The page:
Shows & Panels
- The 2014 Big Picture on Cyber Security
- AFCEA Answers
- Ask the CIO
- Building the Hybrid Cloud
- Connected Government: How to Build and Procure Network Services for the Future
- Continuing Diagnostics and Mitigation: Discussion of Progress and Next Steps
- Federal Executive Forum
- Federal Tech Talk
- The Future of Government Data Centers
- The Future of IT: How CIOs Can Enable the Service-Oriented Enterprise
- The Intersection: Where Technology Meets Transformation
- Maximizing ROI Through Data Center Consolidation
- Mitigating Insider Threats in Virtual & Cloud Environments
- Modern Mission Critical Series
- Moving to the Cloud. What's the best approach for me
- Navigating Tough Choices in Government Cloud Computing
- The New Generation of Database
- Satellite Communications: Acquiring SATCOM in Tight Times
- Targeting Advanced Threats: Proven Methods from Detection through Remediation
- Transformative Technology: Desktop Virtualization in Government
- The Truth About IT Opex and Software Defined Networking
- Value of Health IT
- Air Traffic Management Transformation Report
- Cloud First Report
- General Dynamics IT Enterprise Center
- Gov Cloud Minute
- Government in Technology Series
- Homeland Security Cybersecurity Market Report
- National Cybersecurity Awareness Month
- Technology Insights
- The Cyber Security Report
- The Next Generation Cyber Security Experts
Shows & Panels
9/11: A Government Changed
The Sept. 11 terrorist attacks forced the government to transform. The change has been both subtle and dramatic, encompassing everything from building security, to computer security, to how agencies hire and perform background checks. In the 10 years since that fateful day, the government also has created new things, including an entire agency. But maybe the biggest change has been the influx of federal employees inspired to serve. Federal News Radio evaluates the impact these changes have made on how the government meets this crucial mission and on the employees and contractors who are called upon daily to protect the homeland.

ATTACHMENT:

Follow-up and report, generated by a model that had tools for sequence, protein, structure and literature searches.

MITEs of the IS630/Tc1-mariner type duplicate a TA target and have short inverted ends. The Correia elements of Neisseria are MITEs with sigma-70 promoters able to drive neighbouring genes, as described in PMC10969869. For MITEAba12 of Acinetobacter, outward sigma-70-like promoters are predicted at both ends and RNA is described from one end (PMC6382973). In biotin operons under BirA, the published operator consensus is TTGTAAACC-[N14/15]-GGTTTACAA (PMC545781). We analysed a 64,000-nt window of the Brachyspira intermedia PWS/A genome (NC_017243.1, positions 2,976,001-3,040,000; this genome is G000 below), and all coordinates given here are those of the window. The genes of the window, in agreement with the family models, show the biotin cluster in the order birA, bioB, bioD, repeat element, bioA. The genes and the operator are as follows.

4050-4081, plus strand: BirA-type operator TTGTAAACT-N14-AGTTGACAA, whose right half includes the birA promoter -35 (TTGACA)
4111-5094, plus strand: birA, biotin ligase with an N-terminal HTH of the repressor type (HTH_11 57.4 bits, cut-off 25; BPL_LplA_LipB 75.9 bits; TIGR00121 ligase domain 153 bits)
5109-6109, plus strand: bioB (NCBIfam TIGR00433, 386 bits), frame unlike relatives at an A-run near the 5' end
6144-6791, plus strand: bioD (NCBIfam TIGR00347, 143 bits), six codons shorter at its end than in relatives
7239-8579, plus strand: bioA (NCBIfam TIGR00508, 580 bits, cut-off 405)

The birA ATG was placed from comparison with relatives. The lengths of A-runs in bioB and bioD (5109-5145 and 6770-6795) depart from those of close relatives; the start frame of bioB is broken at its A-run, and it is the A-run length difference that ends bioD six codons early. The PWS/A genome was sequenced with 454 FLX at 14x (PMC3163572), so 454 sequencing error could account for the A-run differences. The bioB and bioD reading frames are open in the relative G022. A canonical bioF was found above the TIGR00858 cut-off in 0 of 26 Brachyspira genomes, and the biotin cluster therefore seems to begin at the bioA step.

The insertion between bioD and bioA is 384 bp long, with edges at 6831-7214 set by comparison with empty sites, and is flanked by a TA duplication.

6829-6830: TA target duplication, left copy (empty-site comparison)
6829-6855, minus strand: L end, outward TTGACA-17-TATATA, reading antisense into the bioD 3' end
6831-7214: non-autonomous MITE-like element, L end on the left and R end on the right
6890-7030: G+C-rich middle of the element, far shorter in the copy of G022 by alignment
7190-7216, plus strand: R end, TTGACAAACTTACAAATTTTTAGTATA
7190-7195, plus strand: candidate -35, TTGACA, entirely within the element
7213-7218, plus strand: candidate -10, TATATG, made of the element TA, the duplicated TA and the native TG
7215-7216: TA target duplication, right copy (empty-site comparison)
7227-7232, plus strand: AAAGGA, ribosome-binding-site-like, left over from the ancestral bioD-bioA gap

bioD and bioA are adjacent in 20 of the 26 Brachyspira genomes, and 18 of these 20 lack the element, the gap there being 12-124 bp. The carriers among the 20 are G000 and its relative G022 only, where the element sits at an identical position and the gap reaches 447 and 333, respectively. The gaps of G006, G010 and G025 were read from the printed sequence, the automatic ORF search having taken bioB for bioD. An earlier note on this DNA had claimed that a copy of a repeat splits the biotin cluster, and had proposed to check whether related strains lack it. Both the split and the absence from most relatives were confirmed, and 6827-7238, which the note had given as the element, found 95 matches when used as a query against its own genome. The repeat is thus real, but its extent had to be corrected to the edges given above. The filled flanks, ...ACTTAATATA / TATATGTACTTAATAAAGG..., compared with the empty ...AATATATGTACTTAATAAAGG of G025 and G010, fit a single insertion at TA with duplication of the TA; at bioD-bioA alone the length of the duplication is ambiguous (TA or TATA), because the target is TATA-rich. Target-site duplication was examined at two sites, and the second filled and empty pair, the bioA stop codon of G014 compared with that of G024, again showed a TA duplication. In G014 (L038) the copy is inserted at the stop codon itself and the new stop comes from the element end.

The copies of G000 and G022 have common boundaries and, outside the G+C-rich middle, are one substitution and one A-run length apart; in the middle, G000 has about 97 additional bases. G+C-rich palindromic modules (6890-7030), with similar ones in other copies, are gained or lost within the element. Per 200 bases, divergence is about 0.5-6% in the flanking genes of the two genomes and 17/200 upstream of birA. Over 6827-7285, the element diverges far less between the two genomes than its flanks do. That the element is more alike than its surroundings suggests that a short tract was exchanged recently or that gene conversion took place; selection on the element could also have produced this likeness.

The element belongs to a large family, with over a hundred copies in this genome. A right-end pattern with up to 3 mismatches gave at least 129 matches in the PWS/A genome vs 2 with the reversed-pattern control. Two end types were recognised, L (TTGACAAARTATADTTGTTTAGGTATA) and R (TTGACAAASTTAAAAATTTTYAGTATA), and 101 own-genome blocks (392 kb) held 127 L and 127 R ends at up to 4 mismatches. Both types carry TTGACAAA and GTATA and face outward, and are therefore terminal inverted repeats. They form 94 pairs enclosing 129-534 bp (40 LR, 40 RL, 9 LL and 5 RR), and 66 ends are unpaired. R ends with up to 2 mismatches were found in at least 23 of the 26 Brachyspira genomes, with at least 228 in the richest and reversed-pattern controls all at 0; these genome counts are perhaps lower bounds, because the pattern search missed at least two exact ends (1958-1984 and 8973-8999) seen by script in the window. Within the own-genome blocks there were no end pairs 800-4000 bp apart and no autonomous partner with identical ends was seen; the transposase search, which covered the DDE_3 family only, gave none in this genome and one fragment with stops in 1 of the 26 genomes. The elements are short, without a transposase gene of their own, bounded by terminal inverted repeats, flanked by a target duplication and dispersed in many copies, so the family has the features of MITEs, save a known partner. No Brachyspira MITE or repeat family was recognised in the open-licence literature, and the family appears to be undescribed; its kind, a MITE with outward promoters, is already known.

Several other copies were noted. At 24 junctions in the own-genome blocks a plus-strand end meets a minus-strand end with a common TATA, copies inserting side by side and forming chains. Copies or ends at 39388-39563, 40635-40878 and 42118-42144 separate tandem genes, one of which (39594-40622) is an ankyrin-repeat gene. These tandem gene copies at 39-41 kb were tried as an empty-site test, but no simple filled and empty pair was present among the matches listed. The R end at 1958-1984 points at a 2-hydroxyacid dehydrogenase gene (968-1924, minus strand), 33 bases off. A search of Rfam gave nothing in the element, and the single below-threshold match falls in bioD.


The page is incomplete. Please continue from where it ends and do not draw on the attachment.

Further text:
DHS: Smartphones 'next stage' of emergency communications
Thursday - 8/25/2011, 10:39am EDT
Federal News Radio
Since 9/11, the government has made "significant progress" in emergency communications, said Greg Schaffer, the acting deputy undersecretary of the Homeland Security Department's National Protection and Programs Directorate.
But the next step of emergency communications will have to include smartphone-like capabilities and probably partnerships with the private sector, Schaffer said.
For the past 50 years, first-responders and law enforcement officials have relied on land mobile devices, like walkie talkies. In an emergency event — like this week's earthquake — the two-way radio is reliable, especially as cell phone networks become overtaxed.
These devices, however, are expensive and do not have the "data capability that the average college student has on a smartphone," Schaffer said. For example, emergency responders cannot take and send photos and video of a scene from their communication devices.
Tapping into the private sector market could save money for agencies, allowing government to take advantage of the economies of scale, he said.
Smartphone use among first responders will require a cellular network that can handle the activity. Currently, the Wireless Priority Service and the Government Emergency Telecommunications Service prioritizes calls for federal, state and local law enforcement, emergency and other government officials.
The administration has proposed creating a broadband public safety network. The proposal commits $10.7 billion for a nationwide buildout, Government Technology reports.
"In these fiscal moments, we're all thinking about what makes the most sense and analyzing where investments ought to be made," Schaffer said.
"The beauty of this particular proposal is that it really is focused on delivering a capability that would be more cost effective over the long run than continuing to try to do other things," he said.
Right now, he said, "The ball is in Congress' court."
Schaffer's interview is part of Federal News Radio's special report "9/11: A Government Changed."